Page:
Former traveling carnival property to become Brookhaven trails


For more than 70 years, Nevins Amusements brought smiles to children’s faces — and put cash in the coffers of churches and fire departments.

Now, after the Nevins family closed the business about a year ago, the traveling carnival’s Moriches home base will contribute to the community in a new way: as a verdant wetlands area with public hiking and walking trails.

Company owner Harold Nevins of Brentwood sold the 13.2-acre property on Montauk Highway in January for $660,000 to Southampton nonprofit Peconic Land Trust, which donated the land to the Town of Brookhaven for its open space protection program.

Nevins and his wife, Theresa, said in an interview it had become impossible to continue operating the carnival because of COVID-19 restrictions.

“You hate to stop making money,” Harold Nevins, 80, said in an interview. “We had a carousel and a lot of different things. … In today’s business, you have to keep working. Money doesn’t grow on trees.”

The land trust purchased the property with a grant from the state Department of Environmental Conservation that covers about 75% of the acquisition costs, said Josh Halsey, the trust’s conservation policy coordinator. Town officials had targeted the land for acquisition because it is near Suffolk County-owned protected properties and land owned by the Suffolk County Water Authority.

State and Brookhaven officials said preserving the land, which runs along the Forge River, will help to protect groundwater, the sole source of drinking water for thousands of nearby residents.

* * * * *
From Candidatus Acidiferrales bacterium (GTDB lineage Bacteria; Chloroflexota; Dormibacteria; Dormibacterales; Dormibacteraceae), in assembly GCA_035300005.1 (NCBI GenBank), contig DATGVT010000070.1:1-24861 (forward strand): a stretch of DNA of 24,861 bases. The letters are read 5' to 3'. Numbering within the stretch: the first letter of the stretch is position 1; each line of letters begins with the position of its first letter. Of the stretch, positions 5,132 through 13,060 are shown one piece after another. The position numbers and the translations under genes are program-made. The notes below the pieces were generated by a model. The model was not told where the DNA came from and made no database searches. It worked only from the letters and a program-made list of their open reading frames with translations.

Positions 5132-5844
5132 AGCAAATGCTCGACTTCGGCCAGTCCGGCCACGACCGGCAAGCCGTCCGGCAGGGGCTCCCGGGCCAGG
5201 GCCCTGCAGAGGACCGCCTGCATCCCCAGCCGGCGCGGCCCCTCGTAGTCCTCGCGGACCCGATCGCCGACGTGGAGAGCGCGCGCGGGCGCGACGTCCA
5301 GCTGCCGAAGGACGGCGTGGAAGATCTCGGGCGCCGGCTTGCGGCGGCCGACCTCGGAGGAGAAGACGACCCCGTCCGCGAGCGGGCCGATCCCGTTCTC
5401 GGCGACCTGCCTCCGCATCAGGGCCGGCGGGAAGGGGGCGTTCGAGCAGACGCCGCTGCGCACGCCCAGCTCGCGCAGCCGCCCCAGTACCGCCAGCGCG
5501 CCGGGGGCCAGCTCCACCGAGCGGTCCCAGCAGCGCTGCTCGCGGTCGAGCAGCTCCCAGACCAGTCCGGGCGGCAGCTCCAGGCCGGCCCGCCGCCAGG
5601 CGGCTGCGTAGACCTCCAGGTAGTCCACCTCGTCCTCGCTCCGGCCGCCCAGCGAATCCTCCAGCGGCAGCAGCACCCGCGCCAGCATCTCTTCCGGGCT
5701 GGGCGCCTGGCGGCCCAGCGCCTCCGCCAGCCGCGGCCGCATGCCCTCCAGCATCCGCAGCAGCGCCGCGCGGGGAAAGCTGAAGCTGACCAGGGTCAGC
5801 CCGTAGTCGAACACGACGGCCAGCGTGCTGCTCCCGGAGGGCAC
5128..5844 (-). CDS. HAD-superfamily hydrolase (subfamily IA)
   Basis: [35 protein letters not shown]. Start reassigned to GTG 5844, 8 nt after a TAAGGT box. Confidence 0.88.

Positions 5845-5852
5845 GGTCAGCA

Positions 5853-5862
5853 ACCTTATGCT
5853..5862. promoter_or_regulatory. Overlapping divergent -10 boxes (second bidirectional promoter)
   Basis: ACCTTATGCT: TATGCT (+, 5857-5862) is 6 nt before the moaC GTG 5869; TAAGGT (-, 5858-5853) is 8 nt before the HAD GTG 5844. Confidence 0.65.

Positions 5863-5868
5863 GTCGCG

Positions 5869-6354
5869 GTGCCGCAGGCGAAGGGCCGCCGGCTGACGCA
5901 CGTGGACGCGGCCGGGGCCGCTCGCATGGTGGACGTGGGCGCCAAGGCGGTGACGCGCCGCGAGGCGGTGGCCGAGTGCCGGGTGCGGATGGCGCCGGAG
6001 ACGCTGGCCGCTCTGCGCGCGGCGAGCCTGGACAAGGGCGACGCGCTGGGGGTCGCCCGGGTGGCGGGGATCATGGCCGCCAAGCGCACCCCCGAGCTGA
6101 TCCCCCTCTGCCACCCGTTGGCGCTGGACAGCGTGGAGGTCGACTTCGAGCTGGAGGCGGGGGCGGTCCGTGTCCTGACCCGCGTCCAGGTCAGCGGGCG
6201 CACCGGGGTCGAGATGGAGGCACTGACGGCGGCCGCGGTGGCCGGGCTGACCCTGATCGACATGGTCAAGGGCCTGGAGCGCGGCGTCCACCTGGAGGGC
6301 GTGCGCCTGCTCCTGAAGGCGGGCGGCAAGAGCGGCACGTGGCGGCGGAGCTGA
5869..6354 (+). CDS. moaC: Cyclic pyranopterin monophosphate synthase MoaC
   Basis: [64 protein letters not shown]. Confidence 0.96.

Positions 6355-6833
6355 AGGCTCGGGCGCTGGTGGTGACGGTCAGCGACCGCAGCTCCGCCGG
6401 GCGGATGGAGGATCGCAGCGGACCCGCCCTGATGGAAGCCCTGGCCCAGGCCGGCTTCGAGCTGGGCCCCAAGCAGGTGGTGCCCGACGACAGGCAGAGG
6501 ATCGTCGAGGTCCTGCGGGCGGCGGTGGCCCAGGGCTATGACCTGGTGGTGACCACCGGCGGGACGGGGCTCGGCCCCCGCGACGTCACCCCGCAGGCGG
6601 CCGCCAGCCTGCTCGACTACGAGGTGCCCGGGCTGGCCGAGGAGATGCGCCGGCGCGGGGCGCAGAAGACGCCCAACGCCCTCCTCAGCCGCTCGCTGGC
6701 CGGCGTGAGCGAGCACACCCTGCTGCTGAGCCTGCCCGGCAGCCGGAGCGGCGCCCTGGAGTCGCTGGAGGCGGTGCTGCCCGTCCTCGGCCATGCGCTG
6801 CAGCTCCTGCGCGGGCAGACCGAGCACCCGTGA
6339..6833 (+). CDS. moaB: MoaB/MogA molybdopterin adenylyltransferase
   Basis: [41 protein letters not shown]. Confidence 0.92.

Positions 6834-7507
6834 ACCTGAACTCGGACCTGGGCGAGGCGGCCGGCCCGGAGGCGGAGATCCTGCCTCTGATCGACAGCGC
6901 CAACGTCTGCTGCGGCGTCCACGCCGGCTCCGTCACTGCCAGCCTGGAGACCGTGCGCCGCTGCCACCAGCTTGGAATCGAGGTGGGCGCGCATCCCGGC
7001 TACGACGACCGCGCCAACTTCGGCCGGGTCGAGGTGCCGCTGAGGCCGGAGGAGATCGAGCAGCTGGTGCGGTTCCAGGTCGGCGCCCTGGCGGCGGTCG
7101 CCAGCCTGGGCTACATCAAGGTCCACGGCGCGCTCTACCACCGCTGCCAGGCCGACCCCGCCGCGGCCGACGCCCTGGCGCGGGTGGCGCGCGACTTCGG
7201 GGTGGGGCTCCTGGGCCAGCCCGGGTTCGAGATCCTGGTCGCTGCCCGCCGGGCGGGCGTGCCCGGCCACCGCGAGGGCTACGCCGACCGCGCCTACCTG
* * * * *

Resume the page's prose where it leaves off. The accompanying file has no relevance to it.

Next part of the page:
“By preserving this property as open space, we have taken a giant leap forward to improve the water quality of the Forge River and our environmentally sensitive aquifer,” Brookhaven Supervisor Edward P. Romaine said in a statement.

Brookhaven crews removed dilapidated structures and more than 30 tractor-trailers filled with carnival equipment, town officials said.

Hiking and walking trails will be added for bird watching and other passive recreation, officials said.

Harold Nevins said his parents once had lived on the property. In later years it became the place where the family would store carnival equipment, he said.

He said the company, founded about 75 years ago by his father, also named Harold, would spend summers going from town to town, setting up rides, concession stands and game booths at churches and fire houses. The company and its hosts would share the proceeds.

“His favorite part was the children — watching the children have fun on the rides,” Theresa Nevins said.

“The people couldn’t wait for us to come there,” Harold Nevins said.

The company did its last shows a few years ago. Then, as the coronavirus led to restrictions on public gatherings, the family managed to sell some equipment and made the difficult decision to close.

It was fun while it lasted, Harold Nevins said.

“I enjoyed it,” he said. “I can’t say I didn’t.”



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